MT VOID 09/03/99 (Vol. 18, Number 10)

MT VOID 09/03/99 (Vol. 18, Number 10)

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Mt. Holz Science Fiction Society
Club Notice - 09/03/99 -- Vol. 18, No. 10

Table of Contents

Outside events: The Science Fiction Association of Bergen County meets on the second Saturday of every month in Upper Saddle River; call 201-447-3652 for details.

Chair/Librarian: Mark Leeper, 732-817-5619,
Factotum: Evelyn Leeper, 732-332-6218,
Distinguished Heinlein Apologist: Rob Mitchell,
HO Chair Emeritus: John Jetzt,
HO Librarian Emeritus: Nick Sauer,
Back issues at
All material copyright by author unless otherwise noted.


Relax, this is my final week on sausaging, the practice of chopping things up finely, forming them, and pretending they were the original item.

I used to throw boomerangs. Boomerangs are an example where you have the sausage issue. I used to get my boomerangs from Australia. They were made of wood and hand-carved. You knew you had a piece of quality in your hand. But then a company with the dignified name Wham-o, best known for making hula-hoops and Frisbees, started making boomerangs out of plastic. I tried a plastic boomerang. They work but they are sausage all the way. The difference is like that of a good steak or a cheap hot dog. They had made it from what was essentially decomposed animal remains rather than from a living, noble tree. They didn't plane it. They vacuum-formed it. It took all the fun out of the sport.

Every day we see more and more creeping sausagism. Consider fish sticks, Tator Tots, fruit rollups, and turkey loaf. And let's not even mention gefilte fish. Please.

Next time you order French fries and get deep-fried mashed potato sticks (as I think happens at a certain unidentified restaurant chain I will simply call _urger _ing) just remember what I told you. Sausaging is just another sacrifice we are being asked to make in our environment. It is one more step away from nature and down the road of an artificial and plastic life.

Primitive man did not have this problem, you know. He took things pretty much as he got them from nature. He might do some chipping to make a tool by forming a stone, but the rock was still a single solid piece.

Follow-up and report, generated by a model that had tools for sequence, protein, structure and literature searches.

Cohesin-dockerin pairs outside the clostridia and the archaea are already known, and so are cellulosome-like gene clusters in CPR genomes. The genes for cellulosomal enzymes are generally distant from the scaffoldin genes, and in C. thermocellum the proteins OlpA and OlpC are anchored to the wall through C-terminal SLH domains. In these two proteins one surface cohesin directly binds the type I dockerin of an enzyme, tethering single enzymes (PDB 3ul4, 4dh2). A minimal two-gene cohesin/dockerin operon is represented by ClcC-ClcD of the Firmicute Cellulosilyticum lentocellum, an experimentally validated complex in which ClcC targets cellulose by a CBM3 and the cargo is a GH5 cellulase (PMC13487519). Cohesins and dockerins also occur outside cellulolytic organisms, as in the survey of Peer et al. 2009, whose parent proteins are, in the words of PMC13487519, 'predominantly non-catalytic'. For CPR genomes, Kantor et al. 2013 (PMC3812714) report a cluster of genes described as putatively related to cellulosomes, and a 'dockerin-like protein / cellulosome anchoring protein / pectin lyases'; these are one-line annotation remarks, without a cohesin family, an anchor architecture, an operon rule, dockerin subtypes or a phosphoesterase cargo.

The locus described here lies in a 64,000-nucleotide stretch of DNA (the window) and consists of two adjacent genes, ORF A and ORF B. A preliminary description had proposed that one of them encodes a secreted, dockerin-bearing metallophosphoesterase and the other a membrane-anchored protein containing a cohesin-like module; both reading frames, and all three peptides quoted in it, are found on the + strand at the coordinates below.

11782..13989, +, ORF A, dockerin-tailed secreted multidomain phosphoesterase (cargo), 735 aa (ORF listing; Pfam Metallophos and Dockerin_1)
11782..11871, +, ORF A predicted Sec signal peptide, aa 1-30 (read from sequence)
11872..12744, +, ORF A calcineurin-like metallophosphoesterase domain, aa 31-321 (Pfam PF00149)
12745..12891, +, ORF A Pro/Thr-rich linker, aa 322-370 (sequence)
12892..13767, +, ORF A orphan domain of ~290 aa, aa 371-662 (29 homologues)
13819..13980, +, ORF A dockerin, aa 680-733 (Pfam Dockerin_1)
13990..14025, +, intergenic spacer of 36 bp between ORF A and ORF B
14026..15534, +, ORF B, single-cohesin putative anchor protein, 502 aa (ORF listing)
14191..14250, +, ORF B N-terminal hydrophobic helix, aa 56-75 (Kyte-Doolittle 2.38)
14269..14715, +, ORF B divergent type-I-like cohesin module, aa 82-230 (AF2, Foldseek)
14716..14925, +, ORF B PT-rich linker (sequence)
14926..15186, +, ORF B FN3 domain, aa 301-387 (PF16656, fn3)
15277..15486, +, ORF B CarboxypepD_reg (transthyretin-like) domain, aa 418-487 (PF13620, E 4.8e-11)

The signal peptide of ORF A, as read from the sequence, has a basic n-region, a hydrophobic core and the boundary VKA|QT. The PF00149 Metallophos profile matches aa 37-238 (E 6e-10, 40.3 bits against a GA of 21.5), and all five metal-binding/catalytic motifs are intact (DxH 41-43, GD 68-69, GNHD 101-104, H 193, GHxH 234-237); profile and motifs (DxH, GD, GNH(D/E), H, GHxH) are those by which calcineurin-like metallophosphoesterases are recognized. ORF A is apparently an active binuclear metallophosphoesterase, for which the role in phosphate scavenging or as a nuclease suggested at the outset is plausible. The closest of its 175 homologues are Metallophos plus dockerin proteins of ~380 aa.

I suppose the first step in the wrong direction seemed like a good idea at the time. It was probably something like baking bread. I guess they made one big loaf out of stalks of grain. Ancient Egypt may have been the first place to do serious sausaging, but if so they kept it a secret a good long time. We have this image of perfectly cut stones being assembled by huge numbers of people to create pyramids. Modern theories say that might not be what happened at all. The pyramids may have been sausaged. Ground stone mixed with a sort of cement might have made a fluid that was then poured into molds. That would explain why the stones fit together so perfectly. If they were just quickly poured they are not nearly as impressive are they? But doesn't that take a lot of the romance out of the pyramids? Of course it should be remembered that they also invented paper. That was the grinding up of reeds and forming them into flat sheets to make paper. That qualifies as sausaging also, I guess. There is nothing particularly romantic about sausage.

We have to resist this attack on our quality of life. Don't accept a ground-up and form-fitted substitute for something real. And the first step is to realize that things like turkey loaf and Pringles Potato Chips are a degradation in our quality of life. Accept only real products.

Now see, that was an issue you did not even know existed. [-mrl]

                                   Mark Leeper
                                   HO 1K-644 732-817-5619

Quote of the Week:

     I loathe people who keep dogs. They are cowards
     who haven't got the guts to bite people themselves.
                                   -- August Strindberg